from “Dangerous Freedom” by Lawrence Scott

The 2013 British period drama film Belle brought the story of Dido Elizabeth Belle to new audiences all over the world, and award-winning Trinidadian novelist Lawrence Scott’s newest book Dangerous Freedom is poised to do the same. Weaving fact with fiction, the novel tells the story of Dido, who was the daughter of an African-born enslaved woman, Maria Belle, and the sea-faring nephew of Lord Mansfield, the Lord Chief Justice of England. Dido has not heard from her mother for twenty-eight years and yearns to hear from her. Dido is now a married woman, Elizabeth d’Aviniere, remembering her past life.

“In Dangerous Freedom I am trying to redress what I see as the romantic portrayals of Dido in art, film and literature,” says Scott, who has made a name for himself with his historical fiction. “I wanted to question the sketchy history we have of Dido and, through fiction, to alter the psychological and political perspectives. I hope that the novel can add to our understanding of a pain that remains just below the surface of contemporary life.”

The novel was launched in March and is presently out in the UK and Trinidad (Paper Based Bookshop) and available in the US in June. Moko Magazine features the following extract courtesy the author and the book’s publisher, Papillote Press.


At this time of her life Elizabeth d’Aviniere was living in a modest house on Ranelagh Street. It was the winter of 1802 and the last of autumn lingered in the fallen leaves. Another war was stirring. She felt that she was in a fortunate state, though not with all her freedoms. Many of those had been threatened or never given. But, nevertheless, she was satisfied now with her husband and her sons, and mostly occupied with her memories, which on evenings came gently, as evenings could.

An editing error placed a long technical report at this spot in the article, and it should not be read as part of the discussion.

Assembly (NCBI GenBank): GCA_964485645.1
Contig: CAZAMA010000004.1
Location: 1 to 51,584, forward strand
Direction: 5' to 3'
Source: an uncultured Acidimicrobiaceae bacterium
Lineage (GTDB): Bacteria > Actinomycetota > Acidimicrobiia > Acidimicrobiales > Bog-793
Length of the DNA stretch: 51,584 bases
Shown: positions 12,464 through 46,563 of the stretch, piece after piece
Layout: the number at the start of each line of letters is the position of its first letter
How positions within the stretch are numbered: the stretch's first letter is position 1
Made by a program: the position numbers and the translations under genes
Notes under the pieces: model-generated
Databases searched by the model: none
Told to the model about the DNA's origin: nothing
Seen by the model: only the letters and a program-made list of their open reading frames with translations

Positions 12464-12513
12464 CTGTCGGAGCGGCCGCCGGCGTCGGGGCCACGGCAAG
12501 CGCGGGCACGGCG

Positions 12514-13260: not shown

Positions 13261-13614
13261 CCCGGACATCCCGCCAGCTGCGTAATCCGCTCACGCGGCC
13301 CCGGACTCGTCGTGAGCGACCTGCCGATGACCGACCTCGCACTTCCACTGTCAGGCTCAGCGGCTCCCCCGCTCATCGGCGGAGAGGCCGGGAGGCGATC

She recalled when she was a small girl swaying in a hammock in a different climate with its brief sunset, her mother telling her the story of her life. Is four years since you born on your father ship. We up and down the islands. Remember the year, child, 1761. You go have to write it down one day. The ribbons of light then were mixed with the shadows on the pitch-pine floor of the porch. They swung to and fro in a silence filled with the breaking of the waves on the nearby shore and the scratching sound of palm branches in the breeze; a long long time ago, as her mother would say in her singsong voice. That was in Pensacola, the British port in Florida. It was a geography her father had taught Elizabeth with his maps, pointing to where he had bought her mother from the auction block and then put her in his house, which was on the front with the tall ships moored between the shore and Santa Rosa Island.

Light was different here on Ranelagh Street, not far from the banks of the River Thames where the creeks, water meadows and marshes lay just beyond the streets of Pimlico, choked in spring and summer with nettles. It had been her home for these last eight years. What was even more different now was her name, that she was called Elizabeth, or Lizzie, by her husband, John. He would keep to formalities in public, calling her Mrs d’Aviniere. But he called her Lizzie when he greeted her with kisses and cuddles, whispering, Lizzie, Lizzie, Lizzie darling, like a young lover. How sweet it was now to have his name in marriage, a proper surname, a real name, a free name, not that silly name, Dido, not that slave name. Her sons called her Mama. She was fortunate, she had to keep telling herself, despite the loss of her mother. Was she like Mr Olaudah Equiano, the African, a particular favourite of Heaven as that author’s narrative so elegantly described his circumstances? She hoped that her pen would work a similar magic in the telling of her tale.